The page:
Neoconservatives— The egalitarian social liberation movements of the 1960s and 1970s undermined the national consensus. Intellectual oligarchies and political institutions preserve democracy from mob rule. 

U.S. Foreign Policy--Attention, Right Face, Forward March, by Tom Barry and Jim Lobe. Looks at the role of neoconservative intellectuals and groups such as the Project for a New American Century in promoting the new militarism.

Khurram Husain, 2003, "Neocons: The Men Behind The Curtain," Bulletin of the Atomic Scientists, November/December, Vol. 59, No. 6, pp. 62–71;

Some Thoughts on Neoconservatism by Chuck Grimes

Different Sectors of the Right See where the neocons fit.

The Necons

Excerpt from: Right-Wing Populism in America: Too Close for Comfort
by Chip Berlet and Matthew N. Lyons
New York: Guilford Press (2000)

p. 243-244.

After the 1988 election the New Right coalition began to break apart. When the Berlin Wall fell in 1989, the glue of anticommunism was no longer strong enough to bind together the voting blocs, organizations, and movements that constituted the New Right.

A particularly sharp fight developed between neoconservatives and self-styled “paleoconservatives.”  Neoconservatives, including many Jewish and Catholic intellectuals rooted in Cold War liberalism, clustered around publications such as Public Interest and Commentary and organizations such as the Committee on the Present Danger. They emphasized foreign policy, where they advocated aggressive anticommunism, U.S. global dominance, and international alliances. Although they attacked feminism, gay rights, and multiculturalism, “neocons” often placed less emphasis on social policy issues, and many of them opposed school prayer or a ban on abortion. In addition, many neocons supported limited social welfare programs and nonrestrictive immigration policies.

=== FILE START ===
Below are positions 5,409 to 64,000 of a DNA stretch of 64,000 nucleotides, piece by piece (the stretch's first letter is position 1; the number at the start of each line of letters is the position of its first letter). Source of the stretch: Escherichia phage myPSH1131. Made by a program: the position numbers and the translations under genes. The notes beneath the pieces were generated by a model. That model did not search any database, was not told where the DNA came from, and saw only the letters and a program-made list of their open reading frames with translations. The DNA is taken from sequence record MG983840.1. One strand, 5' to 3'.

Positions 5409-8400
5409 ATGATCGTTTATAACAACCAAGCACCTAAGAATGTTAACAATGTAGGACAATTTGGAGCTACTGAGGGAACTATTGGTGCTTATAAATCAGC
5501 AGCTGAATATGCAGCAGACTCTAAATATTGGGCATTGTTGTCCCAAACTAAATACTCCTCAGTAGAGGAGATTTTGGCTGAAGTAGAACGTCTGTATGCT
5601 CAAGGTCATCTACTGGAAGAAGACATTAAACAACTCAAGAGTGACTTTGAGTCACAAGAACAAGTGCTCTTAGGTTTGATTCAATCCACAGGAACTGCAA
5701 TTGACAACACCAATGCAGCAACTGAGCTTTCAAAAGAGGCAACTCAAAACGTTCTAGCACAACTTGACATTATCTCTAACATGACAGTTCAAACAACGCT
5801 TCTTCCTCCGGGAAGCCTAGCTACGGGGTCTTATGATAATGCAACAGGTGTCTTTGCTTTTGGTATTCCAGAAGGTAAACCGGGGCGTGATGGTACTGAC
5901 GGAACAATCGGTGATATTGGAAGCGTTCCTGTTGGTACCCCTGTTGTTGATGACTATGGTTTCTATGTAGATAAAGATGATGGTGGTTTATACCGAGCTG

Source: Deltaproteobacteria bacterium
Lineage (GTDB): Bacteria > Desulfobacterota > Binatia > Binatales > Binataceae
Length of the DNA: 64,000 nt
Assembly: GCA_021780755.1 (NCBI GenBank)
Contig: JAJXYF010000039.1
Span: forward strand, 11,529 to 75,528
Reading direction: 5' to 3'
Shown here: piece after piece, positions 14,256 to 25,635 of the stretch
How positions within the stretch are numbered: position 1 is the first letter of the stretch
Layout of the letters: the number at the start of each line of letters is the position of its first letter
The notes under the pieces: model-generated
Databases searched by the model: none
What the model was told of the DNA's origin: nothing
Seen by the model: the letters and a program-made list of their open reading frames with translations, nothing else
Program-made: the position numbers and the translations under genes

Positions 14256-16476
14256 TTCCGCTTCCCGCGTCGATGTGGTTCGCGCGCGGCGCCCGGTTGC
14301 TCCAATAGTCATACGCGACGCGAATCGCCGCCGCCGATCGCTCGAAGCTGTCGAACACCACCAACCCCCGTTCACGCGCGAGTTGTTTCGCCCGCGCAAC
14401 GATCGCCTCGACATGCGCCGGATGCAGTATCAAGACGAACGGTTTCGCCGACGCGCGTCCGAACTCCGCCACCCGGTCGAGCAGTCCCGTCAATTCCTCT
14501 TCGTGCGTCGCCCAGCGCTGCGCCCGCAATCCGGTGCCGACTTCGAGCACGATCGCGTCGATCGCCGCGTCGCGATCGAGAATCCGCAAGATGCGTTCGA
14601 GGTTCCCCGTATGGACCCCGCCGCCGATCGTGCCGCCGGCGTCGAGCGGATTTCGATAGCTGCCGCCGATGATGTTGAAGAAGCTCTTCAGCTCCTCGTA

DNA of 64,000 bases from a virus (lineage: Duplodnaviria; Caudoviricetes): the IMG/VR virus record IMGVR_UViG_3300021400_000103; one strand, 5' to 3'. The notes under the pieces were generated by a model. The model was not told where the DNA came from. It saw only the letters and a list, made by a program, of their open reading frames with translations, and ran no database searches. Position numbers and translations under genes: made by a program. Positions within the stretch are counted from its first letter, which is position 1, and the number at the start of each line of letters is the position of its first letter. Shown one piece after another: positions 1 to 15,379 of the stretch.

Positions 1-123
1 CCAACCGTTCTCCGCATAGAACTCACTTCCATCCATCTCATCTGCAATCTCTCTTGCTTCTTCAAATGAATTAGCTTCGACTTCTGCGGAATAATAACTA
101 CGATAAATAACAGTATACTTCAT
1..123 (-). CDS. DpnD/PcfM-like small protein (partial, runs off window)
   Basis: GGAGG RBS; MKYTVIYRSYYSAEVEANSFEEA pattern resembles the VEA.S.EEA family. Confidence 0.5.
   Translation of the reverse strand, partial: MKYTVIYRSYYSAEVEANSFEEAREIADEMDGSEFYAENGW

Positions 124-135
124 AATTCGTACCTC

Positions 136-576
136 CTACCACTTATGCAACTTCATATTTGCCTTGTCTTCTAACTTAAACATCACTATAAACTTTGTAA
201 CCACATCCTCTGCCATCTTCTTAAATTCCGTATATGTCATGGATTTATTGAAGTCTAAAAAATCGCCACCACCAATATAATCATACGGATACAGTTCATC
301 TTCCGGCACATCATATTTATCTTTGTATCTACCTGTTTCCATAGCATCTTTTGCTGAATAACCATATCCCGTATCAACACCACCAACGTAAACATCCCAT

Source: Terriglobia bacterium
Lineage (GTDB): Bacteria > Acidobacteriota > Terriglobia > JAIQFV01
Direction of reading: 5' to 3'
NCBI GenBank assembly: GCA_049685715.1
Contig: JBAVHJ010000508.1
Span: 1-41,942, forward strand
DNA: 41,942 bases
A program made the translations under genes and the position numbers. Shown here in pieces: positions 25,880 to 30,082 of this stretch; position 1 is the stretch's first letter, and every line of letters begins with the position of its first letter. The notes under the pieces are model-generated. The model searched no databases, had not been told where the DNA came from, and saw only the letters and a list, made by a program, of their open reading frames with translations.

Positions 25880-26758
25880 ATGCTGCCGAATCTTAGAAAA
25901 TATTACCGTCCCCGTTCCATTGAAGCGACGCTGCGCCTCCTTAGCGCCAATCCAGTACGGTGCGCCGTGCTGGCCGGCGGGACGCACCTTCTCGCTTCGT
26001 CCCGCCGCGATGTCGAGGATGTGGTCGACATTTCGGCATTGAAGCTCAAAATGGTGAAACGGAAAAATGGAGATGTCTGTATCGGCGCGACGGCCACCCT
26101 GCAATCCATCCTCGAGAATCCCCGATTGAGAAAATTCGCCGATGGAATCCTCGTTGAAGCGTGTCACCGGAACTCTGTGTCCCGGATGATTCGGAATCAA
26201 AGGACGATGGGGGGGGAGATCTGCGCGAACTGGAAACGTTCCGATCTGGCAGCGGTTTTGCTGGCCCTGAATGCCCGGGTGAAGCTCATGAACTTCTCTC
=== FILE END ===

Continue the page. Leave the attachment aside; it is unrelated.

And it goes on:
Paleoconservatives embraced traditionalist Christian morality, Eurocentric monoculturalism, isolationist nationalism, and a complete end to social programs. The Rockford Institute, the Ludwig von Mises Institute, and the Independent Institute were major paleoconservative havens.

Paleocons resented the influence of neocons such as Jean Kirkpatrick, Elliott Abrams, and William Bennett within the Reagan and Bush administrations, and they decried a neocon “takeover” of Old Right institutions such as the American Enterprise Institute and the Hoover Institution, as well as influential foundations such as Bradley, Olin, Scaife, and Smith Richardson.  Neoconservatives charged, rightly, that the paleocons were tainted with antisemitism and xenophobia.

The neocon–paleocon feud had smoldered since the mid-1980s, but it intensified in 1990 when President Bush massed troops in Saudi Arabia to fight a war with Iraq. Paleocons, as isolationists, generally opposed the action and warned of pro-Israeli “dual-loyalists” exerting too much influence over U.S. foreign policy. Neoconservatives, who were overwhelmingly interventionist and strongly pro-Zionist, supported the war and denounced many of their former partners in Cold War anticommunism as bigots and antisemites. Paleocon Patrick J. Buchanan further highlighted the divisions within the former New Right coalition with his campaigns for the Republican presidential nomination in 1992 and 1996, and his third party aspirations in 2000.

The Free Congress Foundation and the Heritage Foundation, New Right coalition builders, held a sort of middle position in the conflict between neocons and paleocons. Despite their cultural and ideological affinities with the paleocons, these organizations refused to abandon right-wing internationalism or pro-Zionism and leaned overall more to the neocon side of the dispute.

[Update: by 2002 the Free Congress Foundation had shifted more into the paleocon camp]


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